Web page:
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Manage Scenes

Published 2014-10-27 | (Compatible with SDK 2.5,3.5,4.5,5.0,5.1 and 2011,2012,2013,2014 models)

Basics of building the Smart TV applications using scenes mechanism.

** This class will not be supported in 2015.

   All functionalities of AppsFramework are more improved, integrating with CAPH. Therefore Appsframework is not supported since 2015 Smart TV. To use functionalities of Appsframework, refer to here.

 

A scene is a kind of layer - it is what the TV user sees and interacts with to perform a single task or a group of tasks.

 

Figure: AppsFramework scene architecture

Each scene has show/hidden and focused/blurred states. A focused scene controls the key input. You develop scene-based applications by managing scenes and scene states.

Each scene has its own set of files:

In order to add use scene-based architecture in your application, you must add the scenes to your application’s project files.

Samsung Smart TV provides the following tutorial to demonstrate different aspects of working with Scenes: Creating a News Application.

Scene HTML File

The Scene HTML file name must be in the form like this: [SceneID].html. It is located in the app/html directory. Let’s assume we are preparing the Main scene so our HTML file will be named Main.html. Add HTML content to the body by wrapping the Scene[SceneID] ID’s div tag as shown below.

<div id="SceneMain" style="visibility: visible;">
    <!-- Scene HTML contents -->
</div>

Scene CSS File

The CSS file used for the scene HTML setting, must have the name formed like this: [SceneID].css so in our case it is Main.css. It is located in the app/stylesheets directory. All the scene css files are loaded when the application starts.

Important

Note that if the scene is not fullscreen style, the position (left, top) and size (width, height) could change.

#SceneMain {
    position: absolute;
    left: 0px;
    top: 0px;
    width: 960px;
    height: 540px;
    background-color: #fff;
}

Scene JavaScript File

The scene JavaScript file name must be in the form like this: [SceneID].js so in our case it is Main.js. It is located in the app/scenes directory. This file includes the definition of the Scene[SceneID] class (SceneMain in our case). When the application starts an instance of this class is created and managed by the Scene Manager API (sf.scene) and its methods.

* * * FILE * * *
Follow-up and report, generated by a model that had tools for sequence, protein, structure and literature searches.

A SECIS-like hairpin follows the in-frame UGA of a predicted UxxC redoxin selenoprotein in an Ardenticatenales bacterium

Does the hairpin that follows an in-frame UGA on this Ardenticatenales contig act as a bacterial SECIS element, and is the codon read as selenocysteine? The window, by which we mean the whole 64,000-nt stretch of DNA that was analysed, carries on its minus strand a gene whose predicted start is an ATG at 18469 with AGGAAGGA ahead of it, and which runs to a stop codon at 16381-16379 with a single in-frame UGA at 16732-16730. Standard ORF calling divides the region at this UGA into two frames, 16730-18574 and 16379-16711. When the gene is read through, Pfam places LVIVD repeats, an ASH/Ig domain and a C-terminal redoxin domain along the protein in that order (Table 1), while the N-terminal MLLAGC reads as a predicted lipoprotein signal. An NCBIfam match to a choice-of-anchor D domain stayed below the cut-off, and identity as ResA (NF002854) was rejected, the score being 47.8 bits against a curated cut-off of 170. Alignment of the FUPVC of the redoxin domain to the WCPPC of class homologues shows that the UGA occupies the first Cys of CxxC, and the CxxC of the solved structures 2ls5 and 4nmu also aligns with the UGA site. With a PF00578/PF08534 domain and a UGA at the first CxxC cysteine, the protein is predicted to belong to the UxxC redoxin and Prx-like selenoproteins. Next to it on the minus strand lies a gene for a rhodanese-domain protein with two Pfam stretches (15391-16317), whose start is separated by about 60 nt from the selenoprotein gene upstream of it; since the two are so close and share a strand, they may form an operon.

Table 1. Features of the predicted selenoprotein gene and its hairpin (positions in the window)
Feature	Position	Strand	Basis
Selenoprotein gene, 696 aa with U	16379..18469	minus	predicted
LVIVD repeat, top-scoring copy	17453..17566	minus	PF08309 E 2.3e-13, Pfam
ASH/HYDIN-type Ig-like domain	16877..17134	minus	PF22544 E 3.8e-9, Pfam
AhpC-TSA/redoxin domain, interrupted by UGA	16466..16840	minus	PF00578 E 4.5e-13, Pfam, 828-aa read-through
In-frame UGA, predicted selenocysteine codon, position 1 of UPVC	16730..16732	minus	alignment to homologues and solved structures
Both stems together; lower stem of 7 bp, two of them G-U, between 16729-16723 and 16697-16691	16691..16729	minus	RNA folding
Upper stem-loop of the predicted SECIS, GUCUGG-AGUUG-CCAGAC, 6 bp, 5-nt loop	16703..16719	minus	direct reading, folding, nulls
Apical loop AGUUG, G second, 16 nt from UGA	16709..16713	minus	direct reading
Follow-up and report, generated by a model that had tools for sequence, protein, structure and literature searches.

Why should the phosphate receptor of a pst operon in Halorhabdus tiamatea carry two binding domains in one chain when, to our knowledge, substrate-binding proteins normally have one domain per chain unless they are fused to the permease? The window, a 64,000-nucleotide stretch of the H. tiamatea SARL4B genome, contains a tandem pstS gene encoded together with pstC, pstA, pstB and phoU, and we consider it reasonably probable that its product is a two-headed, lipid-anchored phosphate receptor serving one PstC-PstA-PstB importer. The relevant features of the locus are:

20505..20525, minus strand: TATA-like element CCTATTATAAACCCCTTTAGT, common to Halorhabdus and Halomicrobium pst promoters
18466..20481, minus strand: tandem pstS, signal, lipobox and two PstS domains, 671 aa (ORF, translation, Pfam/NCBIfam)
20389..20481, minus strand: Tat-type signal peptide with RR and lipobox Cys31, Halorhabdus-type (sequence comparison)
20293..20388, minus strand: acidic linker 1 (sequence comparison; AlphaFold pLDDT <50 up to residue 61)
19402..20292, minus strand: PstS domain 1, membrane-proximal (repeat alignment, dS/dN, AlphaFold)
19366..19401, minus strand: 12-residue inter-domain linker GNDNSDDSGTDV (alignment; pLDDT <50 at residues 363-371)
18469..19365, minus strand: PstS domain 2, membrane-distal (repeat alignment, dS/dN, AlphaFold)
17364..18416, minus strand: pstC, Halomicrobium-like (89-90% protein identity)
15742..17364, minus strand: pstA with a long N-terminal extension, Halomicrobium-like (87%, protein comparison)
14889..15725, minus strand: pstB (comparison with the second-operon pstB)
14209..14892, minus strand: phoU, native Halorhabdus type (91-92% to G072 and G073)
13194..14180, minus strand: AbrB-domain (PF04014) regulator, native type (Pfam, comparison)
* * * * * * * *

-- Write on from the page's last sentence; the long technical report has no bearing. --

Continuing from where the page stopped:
The example below shows a basic scene class.

function SceneMain(options) {
}

SceneMain.prototype.initialize = function () {
    alert("SceneMain.initialize()");
    // this function will be called only once, when the scene manager shows this scene for the first time
    // initialize the scene controls and styles, and initialize your variables here
    // scene HTML and CSS will be loaded before this function is called
}

SceneMain.prototype.handleShow = function (options) {
    alert("SceneMain.handleShow()");
    // this function will be called when the scene manager shows this scene
}

SceneMain.prototype.handleHide = function (options) {
    alert("SceneMain.handleHide()");
    // this function will be called when the scene manager hides this scene
}

SceneMain.prototype.handleFocus = function (options) {
    alert("SceneMain.handleFocus()");
    // this function will be called when the scene manager sets the focus on this scene
}

SceneMain.prototype.handleBlur = function () {
    alert("SceneMain.handleBlur()");
    // this function will be called when the scene manager moves the focus to another scene from this scene
}

SceneMain.prototype.handleKeyDown = function (keyCode) {
    alert("SceneMain.handleKeyDown(" +  keyCode + ")");
    // TODO: write a key event handler when this scene gets the focus
    switch (keyCode) {
        case sf.key.LEFT:
            break;
        case sf.key.RIGHT:
            break;
        case sf.key.UP:
            break;
        case sf.key.DOWN:
            break;
        case sf.key.ENTER:
            break;
    }
}